589 Combining Genotype Groups and Recursive Partitioning: An Application to HIV-1 Genetics Data A. Foulkes*1, V. Degruttola2, K. Hertogs3, L. Bachelor4 1Univ of Pennsylvania Sch of Med, Philadelphia; 2Harvard Sch of Public Hlth, Boston, MA; 3Tibotec-Virco, Mechelen, Belgium; and 4Vircolab, Inc, Durham, NC
Background: Understanding the relationship between HIV-1 genotypic markers of resistance and response to therapy presents an analytic challenge due to the high dimensionality of the viral genome and the complex interactions across sites on the genome. Recursive partitioning (RP) is well suited to handling both of these features and a natural approach to classifying patients based on covariates in a way that captures information on the variability of a response variable. In the HIV genetics setting, we aim to classify patients (pts) based on the genotypic characteristics of their infecting viral population so that the resulting groups explain the most variability in drug susceptibility phenotype. By combining dimension reduction techniques with RP we are able to arrive at different classification schemes, which are potentially more informative. An illustration of the relative benefits of the different approaches is provided using 2,559 protease sequences provided by the Virco Group and corresponding 50% inhibitory concentrations (IC50) for Indinavir (IDV).
Methods: A two-stage approach to characterizing drug susceptibility phenotype by genotype is proposed. The first stage involves grouping observations with similar or identical viral genotypes. The second stage uses these groups in addition to individual amino acid sites as predictors in a recursive partitioning. The first approach to grouping pts uses information on known resistance sites to classify patients based on patterns of mutations. The second approach uses K-means clustering to arrive at the initial clusters. Bootstrapping is used to compare the combination of patterning and RP (PRP) and clustering and RP (CRP).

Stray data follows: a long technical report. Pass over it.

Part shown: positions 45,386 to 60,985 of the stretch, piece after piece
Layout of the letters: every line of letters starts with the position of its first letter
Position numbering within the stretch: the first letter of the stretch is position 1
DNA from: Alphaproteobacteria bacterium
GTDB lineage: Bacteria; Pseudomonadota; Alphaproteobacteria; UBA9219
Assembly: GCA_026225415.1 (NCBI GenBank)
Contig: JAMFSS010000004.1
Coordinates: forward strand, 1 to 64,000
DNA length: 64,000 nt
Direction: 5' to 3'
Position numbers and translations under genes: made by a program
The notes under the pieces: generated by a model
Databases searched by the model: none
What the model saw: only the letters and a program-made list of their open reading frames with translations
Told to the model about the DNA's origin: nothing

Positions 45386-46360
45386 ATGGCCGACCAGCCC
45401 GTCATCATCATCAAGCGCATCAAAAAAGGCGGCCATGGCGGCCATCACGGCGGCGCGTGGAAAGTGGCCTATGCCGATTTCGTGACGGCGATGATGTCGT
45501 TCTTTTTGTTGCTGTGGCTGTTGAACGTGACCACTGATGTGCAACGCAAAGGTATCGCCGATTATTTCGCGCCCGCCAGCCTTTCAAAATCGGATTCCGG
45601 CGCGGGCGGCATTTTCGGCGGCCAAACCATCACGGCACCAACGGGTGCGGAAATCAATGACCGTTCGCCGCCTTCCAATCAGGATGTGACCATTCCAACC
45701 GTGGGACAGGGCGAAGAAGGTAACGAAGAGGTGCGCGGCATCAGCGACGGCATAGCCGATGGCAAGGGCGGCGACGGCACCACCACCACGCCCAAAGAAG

Results: In the data example provided, both PRP and CRP explain more of the variability in the IDV response than RP alone and result in fewer resistance classes. Of 100 bootstrap samples, 89 resulted in a smaller cross validated error using the CRP than RP alone while all 100 resulted in a smaller cross validated error using the PRP compared to RP. This result indicates that based on these data the variability explained is greater using PRP compared to RP. The number of resistance classes is greater using RP than both PRP and CRP in all 100 bootstrap samples.
Conclusions: This research demonstrates the value of combining dimension reduction techniques with recursive partitioning in making predictions about phenotype based on a large number of viral characteristics.